. Help (cur)                                         \\rh
  . Summary (cur)                                      \\rs
  . Plot (cur)                                         \\rg
  . Plot and summary (cur)                             \\rb
  . Update Object Browser                              \\ro
  . Set working directory (cur file path)              \\rd
  . Build R tags file                   :RBuildTags
  . Build omniList (loaded packages)    :RUpdateObjList
  . Build omniList (installed packages) :RUpdateObjListAll
  . Sweave (cur file)                                  \\sw
  . Sweave and PDF (cur file)                          \\sp
  . Go to next R chunk                                  gn
  . Go to previous R chunk                              gN

But if you got used to, it’s very handy! At the start-up it opens a new R-console (just close it, doesn’t matter) and you can send single lines, a block or a whole file to R (see the documentation). Every thing I tried worked really fine!

A small example in action is presented in the image. In an earlier post I explained how to produce such a title consisting of R objects and Greek letters.

I’ve attached the documentation of this plugin, first and foremost for me for cheating, but of course you’re allowed to use it also ;-)

Download: HTML: Vim-R-plugin documentation (Please take a look at the man-page. Browse bugs and feature requests.)

Open Research Computation

I want to announce a new scientific journal: Open Research Computation.

I think it sounds quiet interesting, citing their aims & scope:

Open Research Computation publishes peer reviewed articles that describe the development, capacities, and uses of software designed for use by researchers in any field. Submissions relating to software for use in any area of research are welcome as are articles dealing with algorithms, useful code snippets, as well as large applications or web services, and libraries. Open Research Computation differs from other journals with a software focus in its requirement for the software source code to be made available under an Open Source Initiative compliant license, and in its assessment of the quality of documentation and testing of the software. In addition to articles describing software Open Research Computation also welcomes submissions that review or describe developments relating to software based tools for research. These include, but are not limited to, reviews or proposals for standards, discussion of best practice in research software development, educational and support resources and tools for researchers that develop or use software based tools.

Looking forward…

You may also be interested in a more detailed announce: Can a journal make a difference? Let’s find out.

Similar to ...

one of my idols. At least twitter thinks so! I’m proud.

Value of an R object in an expression

Just wanted to create an expression, existing of some mathematical annotation and a value of an R object. Wasn’t that intuitive!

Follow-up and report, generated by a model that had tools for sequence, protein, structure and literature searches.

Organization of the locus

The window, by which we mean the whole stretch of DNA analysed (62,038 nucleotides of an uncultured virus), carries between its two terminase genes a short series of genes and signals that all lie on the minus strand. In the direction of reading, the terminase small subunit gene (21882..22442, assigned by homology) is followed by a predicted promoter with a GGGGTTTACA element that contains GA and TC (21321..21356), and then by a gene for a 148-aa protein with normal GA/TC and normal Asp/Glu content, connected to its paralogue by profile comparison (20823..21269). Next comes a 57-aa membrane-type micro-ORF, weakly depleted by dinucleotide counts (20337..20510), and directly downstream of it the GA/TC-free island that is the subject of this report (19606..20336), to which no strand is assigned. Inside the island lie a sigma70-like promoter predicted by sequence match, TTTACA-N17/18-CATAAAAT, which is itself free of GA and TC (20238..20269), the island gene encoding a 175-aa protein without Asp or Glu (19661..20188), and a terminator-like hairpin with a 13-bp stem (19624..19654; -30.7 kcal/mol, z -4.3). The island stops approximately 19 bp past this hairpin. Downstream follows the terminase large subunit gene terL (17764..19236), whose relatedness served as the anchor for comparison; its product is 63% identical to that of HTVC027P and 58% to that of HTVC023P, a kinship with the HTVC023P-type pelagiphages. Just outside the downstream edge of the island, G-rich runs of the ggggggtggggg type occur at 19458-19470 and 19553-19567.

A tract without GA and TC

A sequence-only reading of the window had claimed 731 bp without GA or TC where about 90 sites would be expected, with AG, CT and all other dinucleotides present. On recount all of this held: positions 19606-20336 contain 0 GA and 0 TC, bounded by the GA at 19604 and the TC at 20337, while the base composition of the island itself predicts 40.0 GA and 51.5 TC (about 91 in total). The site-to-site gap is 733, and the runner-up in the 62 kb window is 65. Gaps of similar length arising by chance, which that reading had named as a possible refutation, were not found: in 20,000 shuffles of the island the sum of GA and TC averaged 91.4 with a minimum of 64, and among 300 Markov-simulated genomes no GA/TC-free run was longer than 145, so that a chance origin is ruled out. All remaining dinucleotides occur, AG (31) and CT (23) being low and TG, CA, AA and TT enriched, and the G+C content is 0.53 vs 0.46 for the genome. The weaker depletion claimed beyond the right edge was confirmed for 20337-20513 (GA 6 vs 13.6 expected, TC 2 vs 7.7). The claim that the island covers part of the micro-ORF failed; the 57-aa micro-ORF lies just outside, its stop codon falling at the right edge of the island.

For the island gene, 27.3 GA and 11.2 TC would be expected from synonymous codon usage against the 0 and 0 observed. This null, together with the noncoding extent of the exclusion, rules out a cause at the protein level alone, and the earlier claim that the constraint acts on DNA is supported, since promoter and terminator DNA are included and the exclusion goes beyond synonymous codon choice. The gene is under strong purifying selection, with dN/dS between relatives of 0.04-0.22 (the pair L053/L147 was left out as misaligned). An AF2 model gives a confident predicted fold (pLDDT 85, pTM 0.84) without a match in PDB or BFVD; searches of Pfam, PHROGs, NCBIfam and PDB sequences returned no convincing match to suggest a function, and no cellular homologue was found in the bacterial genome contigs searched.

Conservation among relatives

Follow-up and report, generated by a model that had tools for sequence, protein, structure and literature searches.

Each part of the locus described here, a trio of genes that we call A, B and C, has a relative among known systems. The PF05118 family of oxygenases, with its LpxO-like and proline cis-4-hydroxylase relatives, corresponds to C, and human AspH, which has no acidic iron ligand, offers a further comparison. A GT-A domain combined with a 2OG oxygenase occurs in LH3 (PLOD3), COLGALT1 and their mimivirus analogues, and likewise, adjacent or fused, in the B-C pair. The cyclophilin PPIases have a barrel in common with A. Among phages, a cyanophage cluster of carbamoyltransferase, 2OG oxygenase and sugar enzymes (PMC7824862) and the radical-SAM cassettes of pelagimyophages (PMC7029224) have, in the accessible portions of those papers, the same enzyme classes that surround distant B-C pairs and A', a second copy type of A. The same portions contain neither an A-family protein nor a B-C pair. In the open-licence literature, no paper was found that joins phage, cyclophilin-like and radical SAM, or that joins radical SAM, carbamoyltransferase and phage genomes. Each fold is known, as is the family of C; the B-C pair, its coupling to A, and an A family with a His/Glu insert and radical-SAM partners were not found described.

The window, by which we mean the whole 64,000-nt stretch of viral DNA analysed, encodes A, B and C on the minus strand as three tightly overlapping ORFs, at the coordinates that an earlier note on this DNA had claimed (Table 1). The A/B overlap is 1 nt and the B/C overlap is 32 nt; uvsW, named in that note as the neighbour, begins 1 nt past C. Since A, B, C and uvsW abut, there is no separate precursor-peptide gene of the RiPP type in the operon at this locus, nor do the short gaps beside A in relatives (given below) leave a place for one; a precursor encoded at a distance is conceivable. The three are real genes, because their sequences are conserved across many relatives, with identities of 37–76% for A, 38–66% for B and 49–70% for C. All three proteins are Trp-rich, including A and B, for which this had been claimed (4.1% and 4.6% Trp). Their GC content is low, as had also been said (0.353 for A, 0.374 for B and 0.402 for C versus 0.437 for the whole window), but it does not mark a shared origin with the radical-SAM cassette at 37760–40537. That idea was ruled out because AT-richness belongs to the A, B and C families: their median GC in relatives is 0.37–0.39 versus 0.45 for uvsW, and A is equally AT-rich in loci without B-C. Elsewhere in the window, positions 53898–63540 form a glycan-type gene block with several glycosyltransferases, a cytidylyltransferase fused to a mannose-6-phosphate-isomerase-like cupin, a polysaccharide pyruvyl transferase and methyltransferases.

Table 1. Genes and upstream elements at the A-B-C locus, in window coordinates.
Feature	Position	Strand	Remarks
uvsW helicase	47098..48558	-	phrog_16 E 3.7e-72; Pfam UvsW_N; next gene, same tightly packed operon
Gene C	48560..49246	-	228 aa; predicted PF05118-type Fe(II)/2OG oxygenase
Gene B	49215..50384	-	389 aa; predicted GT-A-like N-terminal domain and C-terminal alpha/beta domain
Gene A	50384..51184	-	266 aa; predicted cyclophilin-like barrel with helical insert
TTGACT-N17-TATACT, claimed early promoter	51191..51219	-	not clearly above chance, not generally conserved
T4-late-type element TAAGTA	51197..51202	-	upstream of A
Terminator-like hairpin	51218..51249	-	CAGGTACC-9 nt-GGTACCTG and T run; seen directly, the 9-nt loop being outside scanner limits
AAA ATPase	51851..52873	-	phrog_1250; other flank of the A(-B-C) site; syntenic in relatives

Each single goal is easy to reach, for example to combine a value of an R object with text just use paste :

> n = 5
> paste ("n=", n, "!")
[1] "n= 5 !"

To have a plot title with an you can use expression :

> plot(1:5, runif(5, 1, 4), main=expression("this is a " * alpha[1] * " example"))

But to let the the title of a plot contain objects and Greek letters isn’t that easy. Those of you who think it’s just about combining paste and expression might try it on their own and come back head-ached after few minutes of unsuccessful testings.

The problem is, that expression interprets chars as expression and not as object identifier, of course, how should it know whether you mean the var alpha or the Greek letter!? The solution is called substitute ! With substitute you can replace objects inline, here is a small example:

> var=10
> substitute(paste("here is the content: ", v), list(v=var))
paste("here is the content: ", 10)

You see, substitute got a list what to substitute and replaces the v in paste with the content of var . Run eval to evaluate to result:

> var=10
> eval(substitute(paste("here is the content: ", v), list(v=var)))
[1] "here is the content:  10"

Now it’s easy to create a more complex plot title:

> var=10
> plot(1:5, runif(5, 1, 4), main=substitute(paste("here ", lambda[1], "=", v, " and ", epsilon^2, "=", b, "!"), list(v=var, b=var^2)))

Go out and produce imposing graphs! (-;

Too much at once

Just installed a new Grml system, annoyingly from a bit too far outdated image so aptitude fails to handle everything at once…

Here is the error:

Reading package fields... 52%/usr/lib/ruby/1.8/debian/utils.rb:47:in 'pipe': Too many open files (Errno::EMFILE)
        from /usr/lib/ruby/1.8/debian/utils.rb:47:in 'pipeline'
        from /usr/lib/ruby/1.8/debian/utils.rb:86:in 'tar'
        from /usr/lib/ruby/1.8/debian.rb:142:in 'load'
        from /usr/lib/ruby/1.8/debian/utils.rb:75:in 'gunzip'
        from /usr/lib/ruby/1.8/debian/utils.rb:40:in 'pipeline'
        from /usr/lib/ruby/1.8/debian/utils.rb:72:in 'gunzip'
        from /usr/lib/ruby/1.8/debian.rb:141:in 'load'
        from /usr/lib/ruby/1.8/debian/ar.rb:150:in 'open'
        from /usr/lib/ruby/1.8/debian/ar.rb:147:in 'each'
        from /usr/lib/ruby/1.8/debian/ar.rb:147:in 'open'
        from /usr/lib/ruby/1.8/debian.rb:140:in 'load'
        from /usr/lib/ruby/1.8/debian.rb:82:in 'field'